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Secure Deletion?

 

if i should use it, what is the best...

Simple overwrite (1 pass)

DOD 5220.22-M (3 Passes)

NSA (7 Passes)

Gutmann (35 Passes)

I run a Windows XP Home Edition SP3 computer, and have the latest version of CCleaner, and have used it for about 3 weeks, and understand what most of it means, but dont know if i should use secure deletions, help?

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Well, unless you keep secret government documents, I think a simple overwrite is really what you're looking for :)

 

Even if you wanted secure deletion, I would go as far as DoD. Everything over 5 passes, I personally consider it paranoid.

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Naah, I don't think you need it, but perhaps a CCleaner mod can enlighten us more upon the secure deletion subject.

 

I would go for a DoD with everything checked on CCleaner (System, Advanced, applications, etc) after having got rid of malware, just to make sure all remnants are "securely" deleted.

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Hello and welcome to the forum,

 

I have read that DOD 5220.22-M (3 Passes) will do the job.

 

Using it will slow down the process, the more overwrite passes the longer it will take.

 

I have used it in the past, but opted for a file shredder when I feel the need for a secure delete.

 

Although, some will say the only way to make sure your files are gone is to take a hammer to your hard drive.

 

Jamin4u

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ya, well, i had malware, but it never infected anything big in my computer, just little small apps which were detected by AVG and thrown in virus vault, but if i wont use it unless some more experienced users (admins/mods) will recommend using it

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Secure Deletion?

 

if i should use it, what is the best...

Simple overwrite (1 pass)

DOD 5220.22-M (3 Passes)

NSA (7 Passes)

Gutmann (35 Passes)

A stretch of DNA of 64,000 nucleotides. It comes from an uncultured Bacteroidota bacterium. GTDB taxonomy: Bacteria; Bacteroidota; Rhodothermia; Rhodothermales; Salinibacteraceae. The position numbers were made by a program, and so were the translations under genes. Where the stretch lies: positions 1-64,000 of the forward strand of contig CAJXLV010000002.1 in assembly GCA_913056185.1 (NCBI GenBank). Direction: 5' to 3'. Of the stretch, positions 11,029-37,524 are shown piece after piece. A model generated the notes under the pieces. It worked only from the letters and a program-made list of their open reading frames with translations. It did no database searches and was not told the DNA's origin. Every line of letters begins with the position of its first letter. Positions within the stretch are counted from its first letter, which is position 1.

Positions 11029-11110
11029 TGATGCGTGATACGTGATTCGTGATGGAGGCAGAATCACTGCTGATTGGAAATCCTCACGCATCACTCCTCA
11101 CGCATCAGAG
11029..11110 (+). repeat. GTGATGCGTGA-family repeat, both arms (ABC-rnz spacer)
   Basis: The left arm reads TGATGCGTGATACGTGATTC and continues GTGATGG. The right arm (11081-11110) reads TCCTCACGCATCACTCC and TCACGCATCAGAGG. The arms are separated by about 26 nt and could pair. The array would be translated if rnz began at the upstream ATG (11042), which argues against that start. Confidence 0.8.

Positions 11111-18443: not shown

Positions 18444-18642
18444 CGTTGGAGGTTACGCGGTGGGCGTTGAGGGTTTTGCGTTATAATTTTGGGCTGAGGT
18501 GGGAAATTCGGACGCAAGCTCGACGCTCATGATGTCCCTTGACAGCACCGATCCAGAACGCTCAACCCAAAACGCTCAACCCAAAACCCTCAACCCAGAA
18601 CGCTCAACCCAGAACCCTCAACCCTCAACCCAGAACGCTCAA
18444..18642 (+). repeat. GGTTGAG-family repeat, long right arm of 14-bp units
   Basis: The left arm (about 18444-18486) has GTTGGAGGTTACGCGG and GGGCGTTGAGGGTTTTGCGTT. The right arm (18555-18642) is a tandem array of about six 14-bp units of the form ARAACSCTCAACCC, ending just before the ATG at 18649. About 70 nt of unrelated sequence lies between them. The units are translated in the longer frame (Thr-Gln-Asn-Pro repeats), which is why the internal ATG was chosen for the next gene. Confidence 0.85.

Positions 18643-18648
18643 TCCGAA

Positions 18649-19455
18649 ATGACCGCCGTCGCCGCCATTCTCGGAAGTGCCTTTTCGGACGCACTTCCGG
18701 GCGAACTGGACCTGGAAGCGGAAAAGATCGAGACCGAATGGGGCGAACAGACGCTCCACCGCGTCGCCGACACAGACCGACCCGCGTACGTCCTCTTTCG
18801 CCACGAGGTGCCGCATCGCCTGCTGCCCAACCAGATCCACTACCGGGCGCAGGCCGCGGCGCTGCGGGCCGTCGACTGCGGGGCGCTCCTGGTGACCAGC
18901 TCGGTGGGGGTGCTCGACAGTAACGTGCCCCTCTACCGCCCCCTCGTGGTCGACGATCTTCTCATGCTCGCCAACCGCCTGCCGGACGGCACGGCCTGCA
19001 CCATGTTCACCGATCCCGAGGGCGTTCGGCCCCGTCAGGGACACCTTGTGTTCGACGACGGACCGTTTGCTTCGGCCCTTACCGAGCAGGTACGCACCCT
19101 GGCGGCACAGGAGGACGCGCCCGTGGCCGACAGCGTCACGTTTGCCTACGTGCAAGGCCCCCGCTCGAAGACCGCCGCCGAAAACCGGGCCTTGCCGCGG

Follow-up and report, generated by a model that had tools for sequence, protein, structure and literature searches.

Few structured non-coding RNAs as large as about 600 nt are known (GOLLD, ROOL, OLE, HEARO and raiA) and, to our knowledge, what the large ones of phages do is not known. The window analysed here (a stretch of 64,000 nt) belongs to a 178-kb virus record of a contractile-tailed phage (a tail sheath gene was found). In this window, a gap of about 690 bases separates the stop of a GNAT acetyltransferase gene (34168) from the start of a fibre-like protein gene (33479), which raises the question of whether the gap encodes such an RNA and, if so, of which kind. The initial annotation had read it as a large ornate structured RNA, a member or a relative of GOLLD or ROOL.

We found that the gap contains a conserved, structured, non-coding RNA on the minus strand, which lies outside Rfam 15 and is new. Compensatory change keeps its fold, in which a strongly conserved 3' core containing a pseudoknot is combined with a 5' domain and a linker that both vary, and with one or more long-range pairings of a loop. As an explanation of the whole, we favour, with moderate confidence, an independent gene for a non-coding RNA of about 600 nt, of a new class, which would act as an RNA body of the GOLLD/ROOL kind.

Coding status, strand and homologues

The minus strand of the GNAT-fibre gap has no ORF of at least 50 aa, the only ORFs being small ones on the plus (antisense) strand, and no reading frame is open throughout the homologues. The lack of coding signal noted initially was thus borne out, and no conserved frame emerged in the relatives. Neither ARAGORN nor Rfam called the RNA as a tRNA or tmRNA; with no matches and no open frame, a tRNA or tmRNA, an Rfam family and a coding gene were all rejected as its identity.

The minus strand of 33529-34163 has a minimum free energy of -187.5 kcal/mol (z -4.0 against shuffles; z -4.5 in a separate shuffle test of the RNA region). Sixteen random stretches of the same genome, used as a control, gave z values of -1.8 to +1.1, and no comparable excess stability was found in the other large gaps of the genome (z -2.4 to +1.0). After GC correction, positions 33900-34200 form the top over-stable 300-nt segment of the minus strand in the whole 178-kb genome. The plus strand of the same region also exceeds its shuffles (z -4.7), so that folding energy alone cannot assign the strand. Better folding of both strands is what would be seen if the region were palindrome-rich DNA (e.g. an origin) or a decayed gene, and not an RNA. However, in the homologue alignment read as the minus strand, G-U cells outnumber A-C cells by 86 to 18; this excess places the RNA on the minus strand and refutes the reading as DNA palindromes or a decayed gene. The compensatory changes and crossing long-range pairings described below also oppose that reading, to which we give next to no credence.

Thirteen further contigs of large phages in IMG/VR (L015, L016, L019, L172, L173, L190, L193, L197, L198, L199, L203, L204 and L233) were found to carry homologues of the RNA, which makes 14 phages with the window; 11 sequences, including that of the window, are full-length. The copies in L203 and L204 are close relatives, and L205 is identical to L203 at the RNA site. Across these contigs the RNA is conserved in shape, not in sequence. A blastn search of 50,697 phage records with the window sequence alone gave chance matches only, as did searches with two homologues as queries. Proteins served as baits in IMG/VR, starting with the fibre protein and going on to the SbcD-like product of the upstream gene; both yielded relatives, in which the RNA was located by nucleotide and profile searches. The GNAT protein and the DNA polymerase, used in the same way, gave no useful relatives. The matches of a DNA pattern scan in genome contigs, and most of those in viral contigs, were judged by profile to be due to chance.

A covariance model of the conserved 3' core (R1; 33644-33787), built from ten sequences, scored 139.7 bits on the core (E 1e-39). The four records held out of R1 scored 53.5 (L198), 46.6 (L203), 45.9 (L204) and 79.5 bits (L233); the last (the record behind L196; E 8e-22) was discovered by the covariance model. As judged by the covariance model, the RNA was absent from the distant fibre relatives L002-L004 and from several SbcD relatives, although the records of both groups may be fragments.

I run a Windows XP Home Edition SP3 computer, and have the latest version of CCleaner, and have used it for about 3 weeks, and understand what most of it means, but dont know if i should use secure deletions, help?

Hi mouse,

CCleaner is a Windows OS cleaning program and not really a "disk wiping" program.

However it will overwrite the files that "it" deletes in it's process when requested.

There are many reasons why other data still exists on your PC after being deleted by other means.

 

I don't use the "secure delete" option because I know that most of what I delete will be overwritten very quickly in my normal daily use.

If I accidentally delete data that I want to recover I have a better chance of recovering it if I have not used the "secure delete" option in CCleaner.

I also know that I must act quickly and use my previously installed copy of Piriform's "Recuva" program to "recover" that data as soon as possible. I also use "Recuva" once a month to "secure delete" any left over pieces of data.

One (1) overwrite is sufficient to "secure delete" data for 99.999 % of users.

 

:) davey

http://www.ccleanerbeginnersguide.com/

CCleaner Beginner's Guide.com Bookmark and save to Favorites

 

.

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For modern systems with the NTFS file system typically 1 wipe is more than enough and in fact it doesn't need to be enabled at all times, just enable it if you're removing sensitive data like for instance a Quicken document with financial information, etc.

 

For completely wiping out the contents of a hard disk which you're going to replace, or for a computer you're going to sale off for something new look into DBAN.

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